There is a grand tradition that has become an integral part of Maine’s heritage. Unique to Maine and about 140 years old, it is called the Maine Sporting camp. Although each is different, there is a certain feel to a Maine sporting camp. Nearly all are on a lake or a river, generally in a remote area of forested land. Most have buildings made of peeled and chinked logs, roofs of split cedar shakes and porches overlooking the water. The guest sleeping cabins are clustered near the shore of a central dining lodge. Plumbing was (and can still be) out back and the entire place had the appearance of having grown out of the ground. The Maine sporting camp is a phenomenom that began appearing in the 1860’s. In the 19th century guests would travel up from Boston and New York. In 1904 there were at least 300 camps in the State of Maine in operation. Today there are less than 50 of the original ones. NOTE: 50 – Still operating. Many sporting camps remain, purchased by descendants of original “sports”. Many of the sporting camps on Onawa Lake date back to the 1890’s.
This structure measures 1200 feet long and 130 high over the Ship Pond stream gorge on the Southeast end of Lake Onawa.
On the western lakeshore of Onawa lies Borestone Mountain. A majestic granite top and steep side covered with trees. A trail, somewhat strenuous, leads to the top and an awe-inspiring view. The mountain was owned by Robert T. Moore through the 50’s, 60’s and 70’s. Mr. Moore had a seaplane which he would land on one of the three mountain lakes. He would fly down to Onawa and offered us children seaplane rides. It was my first time in any airplane. He and his wife Katrina, remained on the mountain, allowing all (two legged and four legged) to climb whenever. Upon his passing in the 80’s, the land was given to the Audubon Society for a mountain sanctuary and preservation. Unfortunately, four legged best friends were no longer allowed. Today, the Audubon Society runs the lodges, the road up the mountain and the hiking trails. A small fee is charged, but the hike is worth the fee and the sore muscles. The first half of the hike is the road up to the visitor center and facilities. Once here, you can rest a bit, sign in and move forward when ready. You can actually view climbers atop the peak as well as peregrine falcons. Bring binoculars. Continue on the marked trail to the summit for a 360 degree view of the Maine vista.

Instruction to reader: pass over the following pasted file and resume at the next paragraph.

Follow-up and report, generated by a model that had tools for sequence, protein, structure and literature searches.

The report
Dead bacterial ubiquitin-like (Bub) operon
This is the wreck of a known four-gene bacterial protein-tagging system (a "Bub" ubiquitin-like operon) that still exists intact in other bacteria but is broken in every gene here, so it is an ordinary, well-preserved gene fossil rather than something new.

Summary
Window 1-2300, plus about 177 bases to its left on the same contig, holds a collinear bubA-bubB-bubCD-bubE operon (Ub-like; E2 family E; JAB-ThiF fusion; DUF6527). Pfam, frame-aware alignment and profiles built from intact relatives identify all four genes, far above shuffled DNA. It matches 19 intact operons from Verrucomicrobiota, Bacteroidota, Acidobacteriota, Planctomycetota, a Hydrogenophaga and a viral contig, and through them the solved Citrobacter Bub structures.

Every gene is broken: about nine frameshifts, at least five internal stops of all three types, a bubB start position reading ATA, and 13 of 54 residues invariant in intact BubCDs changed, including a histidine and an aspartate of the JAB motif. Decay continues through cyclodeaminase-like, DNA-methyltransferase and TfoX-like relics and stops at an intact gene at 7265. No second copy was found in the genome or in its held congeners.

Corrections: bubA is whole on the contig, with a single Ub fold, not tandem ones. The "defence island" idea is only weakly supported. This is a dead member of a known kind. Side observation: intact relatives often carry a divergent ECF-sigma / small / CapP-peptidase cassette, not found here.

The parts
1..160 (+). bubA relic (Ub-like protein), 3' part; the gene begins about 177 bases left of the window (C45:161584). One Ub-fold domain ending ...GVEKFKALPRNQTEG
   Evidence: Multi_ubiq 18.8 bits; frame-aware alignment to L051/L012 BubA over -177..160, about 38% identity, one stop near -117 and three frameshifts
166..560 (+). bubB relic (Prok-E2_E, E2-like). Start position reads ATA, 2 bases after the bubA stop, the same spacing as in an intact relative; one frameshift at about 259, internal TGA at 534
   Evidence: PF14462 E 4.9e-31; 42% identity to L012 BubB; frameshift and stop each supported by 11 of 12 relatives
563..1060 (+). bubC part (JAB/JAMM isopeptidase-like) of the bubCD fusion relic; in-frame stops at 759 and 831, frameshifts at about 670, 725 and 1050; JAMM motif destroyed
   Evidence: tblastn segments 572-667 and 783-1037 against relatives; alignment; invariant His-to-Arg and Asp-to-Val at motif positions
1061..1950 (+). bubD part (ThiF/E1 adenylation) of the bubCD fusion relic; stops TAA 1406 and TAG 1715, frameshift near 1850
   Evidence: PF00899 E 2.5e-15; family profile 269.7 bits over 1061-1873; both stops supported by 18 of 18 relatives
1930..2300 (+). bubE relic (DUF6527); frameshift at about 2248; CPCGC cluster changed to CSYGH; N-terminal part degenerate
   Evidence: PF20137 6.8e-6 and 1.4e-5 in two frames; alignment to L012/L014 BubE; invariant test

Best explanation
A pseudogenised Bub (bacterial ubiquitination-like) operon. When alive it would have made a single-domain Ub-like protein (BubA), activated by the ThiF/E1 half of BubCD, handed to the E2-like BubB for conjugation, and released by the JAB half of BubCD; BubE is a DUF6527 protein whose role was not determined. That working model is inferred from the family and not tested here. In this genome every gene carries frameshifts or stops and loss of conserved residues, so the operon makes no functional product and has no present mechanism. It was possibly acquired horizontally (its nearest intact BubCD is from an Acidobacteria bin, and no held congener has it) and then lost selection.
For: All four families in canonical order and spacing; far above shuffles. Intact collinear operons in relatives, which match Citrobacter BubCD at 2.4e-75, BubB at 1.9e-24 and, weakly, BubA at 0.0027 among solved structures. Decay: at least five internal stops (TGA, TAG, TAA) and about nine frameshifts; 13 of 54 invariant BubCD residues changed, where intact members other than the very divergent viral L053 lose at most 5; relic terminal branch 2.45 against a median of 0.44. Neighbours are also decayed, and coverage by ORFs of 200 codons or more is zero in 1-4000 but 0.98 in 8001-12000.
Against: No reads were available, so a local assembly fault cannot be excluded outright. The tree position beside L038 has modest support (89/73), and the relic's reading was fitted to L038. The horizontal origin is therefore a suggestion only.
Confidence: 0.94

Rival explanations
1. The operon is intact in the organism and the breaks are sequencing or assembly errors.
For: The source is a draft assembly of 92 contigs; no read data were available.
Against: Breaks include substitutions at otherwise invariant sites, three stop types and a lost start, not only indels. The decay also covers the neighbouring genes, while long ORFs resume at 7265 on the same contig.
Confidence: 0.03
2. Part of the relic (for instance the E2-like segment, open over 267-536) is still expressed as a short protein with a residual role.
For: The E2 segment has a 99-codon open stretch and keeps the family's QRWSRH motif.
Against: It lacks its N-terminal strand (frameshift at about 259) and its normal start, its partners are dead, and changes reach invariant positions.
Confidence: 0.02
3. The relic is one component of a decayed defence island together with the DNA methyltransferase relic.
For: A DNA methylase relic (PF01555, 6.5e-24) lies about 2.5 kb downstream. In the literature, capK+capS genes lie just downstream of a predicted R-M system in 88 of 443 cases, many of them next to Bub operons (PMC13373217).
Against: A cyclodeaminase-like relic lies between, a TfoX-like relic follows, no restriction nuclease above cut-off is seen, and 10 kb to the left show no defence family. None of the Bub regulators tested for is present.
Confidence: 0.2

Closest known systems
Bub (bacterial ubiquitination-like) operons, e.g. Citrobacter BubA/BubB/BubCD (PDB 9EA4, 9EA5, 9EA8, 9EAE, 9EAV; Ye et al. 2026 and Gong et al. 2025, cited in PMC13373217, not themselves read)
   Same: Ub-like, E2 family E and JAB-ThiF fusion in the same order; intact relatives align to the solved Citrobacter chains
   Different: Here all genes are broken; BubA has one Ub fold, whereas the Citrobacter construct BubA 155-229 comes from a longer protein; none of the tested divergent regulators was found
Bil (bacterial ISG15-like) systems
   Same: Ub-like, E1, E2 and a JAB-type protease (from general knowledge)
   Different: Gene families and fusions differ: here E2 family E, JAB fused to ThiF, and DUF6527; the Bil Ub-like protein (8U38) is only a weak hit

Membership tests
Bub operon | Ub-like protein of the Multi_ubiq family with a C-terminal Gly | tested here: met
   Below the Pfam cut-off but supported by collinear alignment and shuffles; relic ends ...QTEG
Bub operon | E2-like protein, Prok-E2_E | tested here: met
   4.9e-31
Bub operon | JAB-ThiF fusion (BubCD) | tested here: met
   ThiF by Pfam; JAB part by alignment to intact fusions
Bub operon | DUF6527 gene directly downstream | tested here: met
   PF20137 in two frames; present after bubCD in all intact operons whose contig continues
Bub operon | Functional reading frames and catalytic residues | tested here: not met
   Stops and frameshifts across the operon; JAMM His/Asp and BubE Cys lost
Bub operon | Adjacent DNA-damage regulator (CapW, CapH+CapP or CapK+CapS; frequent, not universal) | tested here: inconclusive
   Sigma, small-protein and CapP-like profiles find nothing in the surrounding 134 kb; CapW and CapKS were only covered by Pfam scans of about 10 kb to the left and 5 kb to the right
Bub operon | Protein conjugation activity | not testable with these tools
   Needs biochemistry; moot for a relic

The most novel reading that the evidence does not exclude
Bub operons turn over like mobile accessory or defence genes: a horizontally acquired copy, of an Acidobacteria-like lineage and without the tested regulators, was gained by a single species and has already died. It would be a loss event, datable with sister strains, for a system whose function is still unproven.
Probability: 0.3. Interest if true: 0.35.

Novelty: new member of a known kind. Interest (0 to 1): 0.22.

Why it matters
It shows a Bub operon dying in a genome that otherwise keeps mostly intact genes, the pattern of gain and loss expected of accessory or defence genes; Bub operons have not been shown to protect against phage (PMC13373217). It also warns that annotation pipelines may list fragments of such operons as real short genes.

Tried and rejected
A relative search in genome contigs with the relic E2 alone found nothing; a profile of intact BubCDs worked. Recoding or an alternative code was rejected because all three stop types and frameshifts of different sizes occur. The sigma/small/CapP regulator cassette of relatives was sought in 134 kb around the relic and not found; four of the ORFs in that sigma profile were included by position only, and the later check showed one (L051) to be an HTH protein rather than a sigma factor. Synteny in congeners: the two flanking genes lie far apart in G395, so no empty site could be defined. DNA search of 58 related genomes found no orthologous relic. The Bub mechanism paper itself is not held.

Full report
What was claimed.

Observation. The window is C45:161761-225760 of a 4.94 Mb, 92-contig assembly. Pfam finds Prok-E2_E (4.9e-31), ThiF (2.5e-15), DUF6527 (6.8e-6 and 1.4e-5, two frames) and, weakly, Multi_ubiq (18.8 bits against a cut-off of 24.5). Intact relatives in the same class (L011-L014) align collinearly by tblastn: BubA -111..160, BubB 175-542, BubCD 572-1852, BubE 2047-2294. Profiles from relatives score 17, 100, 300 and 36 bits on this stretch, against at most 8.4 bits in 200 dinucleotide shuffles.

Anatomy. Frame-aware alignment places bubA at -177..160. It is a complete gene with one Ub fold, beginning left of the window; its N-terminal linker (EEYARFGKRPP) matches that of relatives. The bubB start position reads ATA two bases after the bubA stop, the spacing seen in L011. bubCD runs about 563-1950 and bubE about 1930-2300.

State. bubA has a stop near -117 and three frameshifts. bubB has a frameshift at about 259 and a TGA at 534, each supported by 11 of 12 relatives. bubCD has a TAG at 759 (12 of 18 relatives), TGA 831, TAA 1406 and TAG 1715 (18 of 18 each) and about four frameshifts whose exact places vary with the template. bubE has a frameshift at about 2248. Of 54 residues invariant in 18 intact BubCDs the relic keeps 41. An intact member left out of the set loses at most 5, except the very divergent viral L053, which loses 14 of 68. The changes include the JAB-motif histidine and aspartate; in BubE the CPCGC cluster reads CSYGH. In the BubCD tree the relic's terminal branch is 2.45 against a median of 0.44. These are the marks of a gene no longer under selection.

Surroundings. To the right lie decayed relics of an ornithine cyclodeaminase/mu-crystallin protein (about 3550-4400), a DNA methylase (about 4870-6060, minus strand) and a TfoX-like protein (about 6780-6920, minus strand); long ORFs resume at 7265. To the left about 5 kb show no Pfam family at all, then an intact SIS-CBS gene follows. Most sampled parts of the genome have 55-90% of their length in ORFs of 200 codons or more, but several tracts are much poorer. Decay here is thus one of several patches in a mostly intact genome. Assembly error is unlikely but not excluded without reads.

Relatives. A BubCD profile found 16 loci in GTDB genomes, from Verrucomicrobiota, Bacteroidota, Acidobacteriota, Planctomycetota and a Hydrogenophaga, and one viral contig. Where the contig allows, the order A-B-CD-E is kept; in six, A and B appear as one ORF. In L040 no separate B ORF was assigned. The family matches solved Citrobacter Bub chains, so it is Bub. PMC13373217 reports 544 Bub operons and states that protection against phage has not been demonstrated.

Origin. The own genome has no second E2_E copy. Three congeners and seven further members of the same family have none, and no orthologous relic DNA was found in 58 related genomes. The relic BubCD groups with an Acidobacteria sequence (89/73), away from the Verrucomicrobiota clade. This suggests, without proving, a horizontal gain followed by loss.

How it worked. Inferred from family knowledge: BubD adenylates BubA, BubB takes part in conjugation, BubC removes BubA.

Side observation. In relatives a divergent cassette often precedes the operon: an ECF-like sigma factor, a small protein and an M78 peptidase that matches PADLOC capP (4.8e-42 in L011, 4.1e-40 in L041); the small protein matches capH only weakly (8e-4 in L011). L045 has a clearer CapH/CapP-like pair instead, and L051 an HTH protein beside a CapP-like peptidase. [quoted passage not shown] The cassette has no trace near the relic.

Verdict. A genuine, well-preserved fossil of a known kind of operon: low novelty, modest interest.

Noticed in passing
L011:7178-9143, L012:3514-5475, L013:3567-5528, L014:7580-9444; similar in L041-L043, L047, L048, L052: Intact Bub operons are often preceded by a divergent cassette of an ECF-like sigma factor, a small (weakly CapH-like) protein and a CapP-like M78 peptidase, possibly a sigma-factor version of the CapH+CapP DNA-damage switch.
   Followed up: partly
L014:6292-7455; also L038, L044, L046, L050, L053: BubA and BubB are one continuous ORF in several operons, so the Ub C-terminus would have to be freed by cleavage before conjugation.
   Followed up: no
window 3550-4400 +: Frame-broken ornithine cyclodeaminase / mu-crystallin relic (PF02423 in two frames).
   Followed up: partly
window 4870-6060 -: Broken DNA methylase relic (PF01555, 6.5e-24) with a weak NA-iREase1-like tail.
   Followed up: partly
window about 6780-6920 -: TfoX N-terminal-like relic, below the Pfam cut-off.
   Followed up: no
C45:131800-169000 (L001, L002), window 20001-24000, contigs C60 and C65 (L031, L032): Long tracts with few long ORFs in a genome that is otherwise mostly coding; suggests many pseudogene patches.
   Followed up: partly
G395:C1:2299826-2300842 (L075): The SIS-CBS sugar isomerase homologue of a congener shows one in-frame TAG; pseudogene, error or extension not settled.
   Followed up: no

Burke Memorial Chapel
In the early 1920’s, there was a small colony of lady doctors from the Philadelphia area who had camps on the south shore of Onawa Lake. One of these, Dr. Elise Rose, was not only an outstanding doctor but a Philanthropist as well. She had traveled extensively through the churches of France and was also a devout Catholic. At the same time, there was another dedicated Catholic woman, Alice Gagnon who was a year round resident. Mrs. Gagnon had a growing family and there was no church available where the usual sacraments could be performed. Together, Dr. Elise Rose and Alice Gagnon decided Onawa should have a church. The women looked around trying to find a suitable location, only to be refused the use of the land by the lumber company owners. Unhappy, but undefeated, Mrs. Gagnon and her husband went to call on Mr. Alfred Burke. Immediately Dr. Burke offered his land opposite his house as a gift.
There’s a reason we call them man’s best friend. We can learn so many things from a dog’s behavior, personality, demeanor, resiliency, and most importantly, the willingness to provide their family members with unconditional love, loyalty, and companionship down to their very last breath. We treasure the relationships we have with our friends at Onawa Lake. Reluctantly, the sad duty I have is removing a dog’s picture we he has moved own. However, our dogs are always in our heart’s.
Make Your Own Onawa Lake Memories
Come with your family and friends, create lifelong memories at Lake Onawa. Memories are powerful family possessions that profoundly link hearts together. Remember to be diligent in planning memories (as well as enjoying those that come as surprises) one of the reasons for this site is to catch memories. Nearly any event has the potential to become a treasured memory. What better place to make new memories than Maine’s grand tradition – Onawa Lake.